Verizon, Vodafone, nPhase Join to Simplify Global M2M
Verizon, Vodafone and nPhase, realizing that M2M deployments are a bit trickier than they needed to be, are announcing that they're forming a strategic alliance to simplify and encourage adoption - which should also throw a bone to the environment.
Verizon Wireless, Vodafone and nPhase - a joint venture between
Verizon and Qualcomm - have announced that they'd like to make global
M2M (machine-to-machine) deployments much simpler undertakings.
In a Feb. 15 statement, the three said they're forming a strategic alliance designed to "deliver a simple and effective international management solution for the growing number of companies looking to use M2M wireless communications to enhance their customer service and create new service offerings."
The new offerings could benefit enterprise sectors including healthcare, energy, automotive telematics and consumer and commercial products. M2M solutions already on the market include the smart meters used by utility companies that offer two-way data transmission, offering benefit to both the energy companies and their customers.
Even the National Football League has looked to M2M solutions, testing it for security applications.
"M2M technology is playing an increasingly key role in helping firms to deliver more customized services to their customers, but the difficulties of managing devices on a global level was stopping the sector from realizing its true potential," Erik Brenneis, Vodafone's global head of M2M, said in a statement. "Through this alliance, we are making it even easier for firms to roll out M2M technology to their customers, where ever they may be."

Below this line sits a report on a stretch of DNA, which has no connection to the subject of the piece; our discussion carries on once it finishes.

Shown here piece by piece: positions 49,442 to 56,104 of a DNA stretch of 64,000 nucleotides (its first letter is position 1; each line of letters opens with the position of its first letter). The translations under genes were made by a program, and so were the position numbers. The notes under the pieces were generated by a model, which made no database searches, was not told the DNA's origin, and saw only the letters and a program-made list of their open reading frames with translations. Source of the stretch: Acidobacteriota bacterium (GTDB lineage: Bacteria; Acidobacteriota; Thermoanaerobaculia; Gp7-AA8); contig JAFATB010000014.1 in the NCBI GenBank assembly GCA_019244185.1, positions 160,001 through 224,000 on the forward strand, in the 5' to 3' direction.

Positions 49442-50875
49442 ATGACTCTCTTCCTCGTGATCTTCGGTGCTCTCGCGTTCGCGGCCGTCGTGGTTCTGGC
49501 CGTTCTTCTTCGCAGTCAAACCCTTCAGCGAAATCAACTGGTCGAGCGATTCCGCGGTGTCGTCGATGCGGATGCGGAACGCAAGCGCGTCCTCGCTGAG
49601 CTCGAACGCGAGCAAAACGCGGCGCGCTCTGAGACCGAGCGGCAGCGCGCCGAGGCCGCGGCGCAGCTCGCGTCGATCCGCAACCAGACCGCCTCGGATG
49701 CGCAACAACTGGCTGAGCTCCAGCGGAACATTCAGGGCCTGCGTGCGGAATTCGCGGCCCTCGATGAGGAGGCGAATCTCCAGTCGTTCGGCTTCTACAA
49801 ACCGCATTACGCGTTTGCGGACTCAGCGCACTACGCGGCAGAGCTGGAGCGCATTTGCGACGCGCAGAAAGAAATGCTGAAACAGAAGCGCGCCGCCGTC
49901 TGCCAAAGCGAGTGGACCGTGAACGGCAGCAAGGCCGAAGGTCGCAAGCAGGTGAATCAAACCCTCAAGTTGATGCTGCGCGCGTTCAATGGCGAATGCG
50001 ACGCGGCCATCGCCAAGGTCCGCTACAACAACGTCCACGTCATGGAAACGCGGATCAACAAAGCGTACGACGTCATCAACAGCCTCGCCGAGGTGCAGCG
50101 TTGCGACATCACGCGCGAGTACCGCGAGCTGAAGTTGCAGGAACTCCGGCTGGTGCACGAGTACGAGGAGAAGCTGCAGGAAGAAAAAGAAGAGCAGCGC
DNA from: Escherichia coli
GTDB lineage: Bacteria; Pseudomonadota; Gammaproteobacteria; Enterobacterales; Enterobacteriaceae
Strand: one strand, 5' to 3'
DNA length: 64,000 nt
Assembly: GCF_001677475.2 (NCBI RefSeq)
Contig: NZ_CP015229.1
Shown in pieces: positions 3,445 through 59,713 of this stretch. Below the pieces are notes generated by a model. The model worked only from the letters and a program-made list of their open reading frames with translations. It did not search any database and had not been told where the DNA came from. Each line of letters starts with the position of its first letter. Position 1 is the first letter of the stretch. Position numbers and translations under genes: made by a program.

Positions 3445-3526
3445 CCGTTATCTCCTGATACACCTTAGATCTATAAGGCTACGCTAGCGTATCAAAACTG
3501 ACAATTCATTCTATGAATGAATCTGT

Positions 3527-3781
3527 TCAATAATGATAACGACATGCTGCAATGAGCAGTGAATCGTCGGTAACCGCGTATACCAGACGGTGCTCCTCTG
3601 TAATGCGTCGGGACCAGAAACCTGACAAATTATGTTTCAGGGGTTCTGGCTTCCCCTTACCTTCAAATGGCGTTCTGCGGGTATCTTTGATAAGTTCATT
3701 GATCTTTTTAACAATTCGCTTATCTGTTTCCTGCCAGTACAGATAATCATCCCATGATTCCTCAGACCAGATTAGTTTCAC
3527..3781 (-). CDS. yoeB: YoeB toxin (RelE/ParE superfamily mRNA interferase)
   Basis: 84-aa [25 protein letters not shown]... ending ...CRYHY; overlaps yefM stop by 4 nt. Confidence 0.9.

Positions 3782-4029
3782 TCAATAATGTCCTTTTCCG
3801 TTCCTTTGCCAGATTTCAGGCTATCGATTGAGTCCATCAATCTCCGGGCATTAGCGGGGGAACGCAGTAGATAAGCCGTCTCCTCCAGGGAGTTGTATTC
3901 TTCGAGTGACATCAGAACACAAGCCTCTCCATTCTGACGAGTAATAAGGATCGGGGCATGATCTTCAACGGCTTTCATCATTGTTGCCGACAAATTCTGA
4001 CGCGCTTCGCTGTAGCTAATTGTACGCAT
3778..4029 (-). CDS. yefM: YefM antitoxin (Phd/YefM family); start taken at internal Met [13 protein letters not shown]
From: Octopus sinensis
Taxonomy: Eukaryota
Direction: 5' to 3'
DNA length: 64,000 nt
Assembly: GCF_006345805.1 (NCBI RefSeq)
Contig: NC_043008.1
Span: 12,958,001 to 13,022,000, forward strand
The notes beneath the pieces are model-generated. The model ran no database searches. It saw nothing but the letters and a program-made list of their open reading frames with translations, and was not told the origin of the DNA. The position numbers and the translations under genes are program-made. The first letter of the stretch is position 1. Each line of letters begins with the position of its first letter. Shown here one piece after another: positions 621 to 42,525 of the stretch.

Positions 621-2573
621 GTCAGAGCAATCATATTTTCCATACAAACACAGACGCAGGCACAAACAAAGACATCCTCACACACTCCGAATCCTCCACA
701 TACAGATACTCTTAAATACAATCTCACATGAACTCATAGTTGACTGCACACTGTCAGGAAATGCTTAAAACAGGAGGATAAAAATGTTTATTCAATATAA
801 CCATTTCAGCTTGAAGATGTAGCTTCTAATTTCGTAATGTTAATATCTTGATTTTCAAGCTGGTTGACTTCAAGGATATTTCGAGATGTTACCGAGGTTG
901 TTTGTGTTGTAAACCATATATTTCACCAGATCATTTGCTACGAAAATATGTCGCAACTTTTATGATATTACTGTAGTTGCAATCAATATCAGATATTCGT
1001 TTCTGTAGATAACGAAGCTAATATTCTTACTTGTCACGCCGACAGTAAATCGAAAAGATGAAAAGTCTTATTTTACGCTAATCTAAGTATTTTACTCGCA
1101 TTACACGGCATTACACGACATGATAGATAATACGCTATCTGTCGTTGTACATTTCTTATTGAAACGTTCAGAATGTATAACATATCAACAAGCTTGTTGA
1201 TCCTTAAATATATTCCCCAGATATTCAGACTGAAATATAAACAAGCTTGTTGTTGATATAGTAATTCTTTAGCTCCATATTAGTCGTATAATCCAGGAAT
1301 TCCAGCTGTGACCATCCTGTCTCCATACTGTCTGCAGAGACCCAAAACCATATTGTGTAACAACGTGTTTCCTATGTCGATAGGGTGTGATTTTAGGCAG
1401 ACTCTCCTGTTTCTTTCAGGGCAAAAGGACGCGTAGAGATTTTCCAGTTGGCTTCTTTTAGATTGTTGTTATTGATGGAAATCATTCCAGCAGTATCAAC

Steve Pazol, president of nPhase, added, "This business alliance removes many of the complexities by building on the tremendous capabilities and reach of Vodafone and Verizon Wireless to offer a single standard interface, and provide pre-certified global devices that can support both CDMA and GSM networks."
The alliance members anticipate that the move will increase the global demand for M2M technologies. Likewise, research firm Berg Insight expects that industry-wide operator revenues for wireless M2M will rise from 2008's approximately $4.3 billion to $12.9 billion in 2012.
Additionally, a Vodafone report, "Carbon Connections," calculates that increased M2M-enabled solutions could help to lower greenhouse gas emissions by more than 90 million tons per year across 25 countries in the European Union by 2010.